Managing Director Tim Akerman said “The Northern Powerhouse initiative set out to support increasing productivity of northern manufacturing businesses. Tamarind Tree Consulting was set up with the same aim, so joining the Northern Powerhouse Partner Programme was a natural step forward. We are delighted to support this initiative and look forward to helping northern businesses improve productivity to become more competitive.”

Minister for the Northern Powerhouse, Jake Berry MP said:“I’m delighted to see another great northern business join our growing network of Northern Powerhouse Partners. 

“Rebalancing the economy so it works for everyone is at the heart of our vision for the Northern Powerhouse so I’m excited to see the contribution Tamarind Tree Consulting will make as they support other growing businesses in the North to thrive and boost local economic growth.”

Don’t just move the average, understand the spread

Picture the scene; someone in your organisation comes up with a cost-saving idea. If we move the process mean to the lower limit, we can save £’000’s and still be in specification. The technical team doesn’t like it, but they can’t come up with a reason other than “it’ll cause problems”, the finance director loves the idea, and the production manager with one eye on costs says, well if we can save money and be in spec, what’s the problem?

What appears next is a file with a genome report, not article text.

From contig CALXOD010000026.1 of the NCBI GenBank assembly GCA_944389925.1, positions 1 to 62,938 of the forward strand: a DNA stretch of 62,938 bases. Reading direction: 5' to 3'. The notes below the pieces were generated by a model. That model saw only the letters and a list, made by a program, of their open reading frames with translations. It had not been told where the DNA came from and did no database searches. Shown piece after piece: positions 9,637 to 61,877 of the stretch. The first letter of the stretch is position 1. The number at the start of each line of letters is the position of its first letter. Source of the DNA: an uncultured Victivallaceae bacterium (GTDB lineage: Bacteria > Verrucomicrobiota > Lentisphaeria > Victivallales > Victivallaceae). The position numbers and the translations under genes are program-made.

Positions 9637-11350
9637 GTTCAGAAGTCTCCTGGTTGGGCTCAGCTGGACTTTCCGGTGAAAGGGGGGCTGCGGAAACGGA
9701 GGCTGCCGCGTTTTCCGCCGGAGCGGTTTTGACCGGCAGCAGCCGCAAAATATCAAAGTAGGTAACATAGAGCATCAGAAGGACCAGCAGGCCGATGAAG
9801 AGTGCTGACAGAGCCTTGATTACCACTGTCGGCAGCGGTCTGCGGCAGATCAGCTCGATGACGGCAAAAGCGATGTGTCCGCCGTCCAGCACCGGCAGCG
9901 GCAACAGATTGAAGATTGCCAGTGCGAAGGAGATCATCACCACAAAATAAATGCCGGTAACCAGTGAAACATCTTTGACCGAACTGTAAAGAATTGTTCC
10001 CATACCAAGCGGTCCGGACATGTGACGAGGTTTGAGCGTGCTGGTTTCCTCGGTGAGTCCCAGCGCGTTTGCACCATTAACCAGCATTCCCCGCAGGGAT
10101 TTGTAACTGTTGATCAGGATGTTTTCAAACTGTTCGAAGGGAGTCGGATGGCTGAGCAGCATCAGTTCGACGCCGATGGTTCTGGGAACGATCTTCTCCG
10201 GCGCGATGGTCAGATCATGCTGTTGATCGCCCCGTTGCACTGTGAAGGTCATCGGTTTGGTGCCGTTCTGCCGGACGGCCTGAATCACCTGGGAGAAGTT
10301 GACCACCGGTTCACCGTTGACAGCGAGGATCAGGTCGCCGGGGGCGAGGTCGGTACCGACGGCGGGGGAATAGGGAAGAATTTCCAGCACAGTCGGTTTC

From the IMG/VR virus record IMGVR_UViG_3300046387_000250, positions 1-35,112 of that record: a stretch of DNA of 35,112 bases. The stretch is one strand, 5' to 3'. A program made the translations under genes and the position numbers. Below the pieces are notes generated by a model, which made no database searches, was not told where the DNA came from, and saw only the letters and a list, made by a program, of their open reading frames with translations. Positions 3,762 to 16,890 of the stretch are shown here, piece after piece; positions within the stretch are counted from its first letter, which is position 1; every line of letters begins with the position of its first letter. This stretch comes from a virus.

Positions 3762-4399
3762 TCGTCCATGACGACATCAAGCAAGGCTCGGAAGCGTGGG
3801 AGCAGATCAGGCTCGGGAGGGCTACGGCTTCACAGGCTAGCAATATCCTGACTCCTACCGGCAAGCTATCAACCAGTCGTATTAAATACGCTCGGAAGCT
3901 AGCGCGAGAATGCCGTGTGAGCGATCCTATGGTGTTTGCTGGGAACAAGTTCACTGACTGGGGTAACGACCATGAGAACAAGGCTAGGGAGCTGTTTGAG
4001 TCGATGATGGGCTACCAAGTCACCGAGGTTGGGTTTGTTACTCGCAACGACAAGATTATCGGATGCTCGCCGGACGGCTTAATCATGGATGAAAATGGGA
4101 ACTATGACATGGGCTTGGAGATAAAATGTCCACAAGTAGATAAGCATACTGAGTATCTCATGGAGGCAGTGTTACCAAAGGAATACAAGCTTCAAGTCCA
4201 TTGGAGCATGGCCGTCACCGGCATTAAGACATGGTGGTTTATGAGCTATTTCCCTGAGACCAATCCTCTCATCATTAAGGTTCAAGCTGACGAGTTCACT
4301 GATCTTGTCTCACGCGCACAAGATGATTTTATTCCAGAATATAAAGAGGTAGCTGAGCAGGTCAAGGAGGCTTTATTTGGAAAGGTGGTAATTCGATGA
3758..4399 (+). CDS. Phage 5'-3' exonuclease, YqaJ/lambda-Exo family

Let me help you. 
In this scenario, the technical team may be right. If we assume that your process is in control and produces items with a normal distribution (remember that is the best case scenario!) logic dictates that half of your data is below the average value and half is above. That being the case, what you really want to know is how far from the average the distribution spreads. If the spread is large and you change process to the extreme where the average value sits right on the customer specification limit, half of everything you make will be out of spec. Can you afford a 50% failure rate? What will the impact be on your customers, your reputation, your workload (dealing with complaints).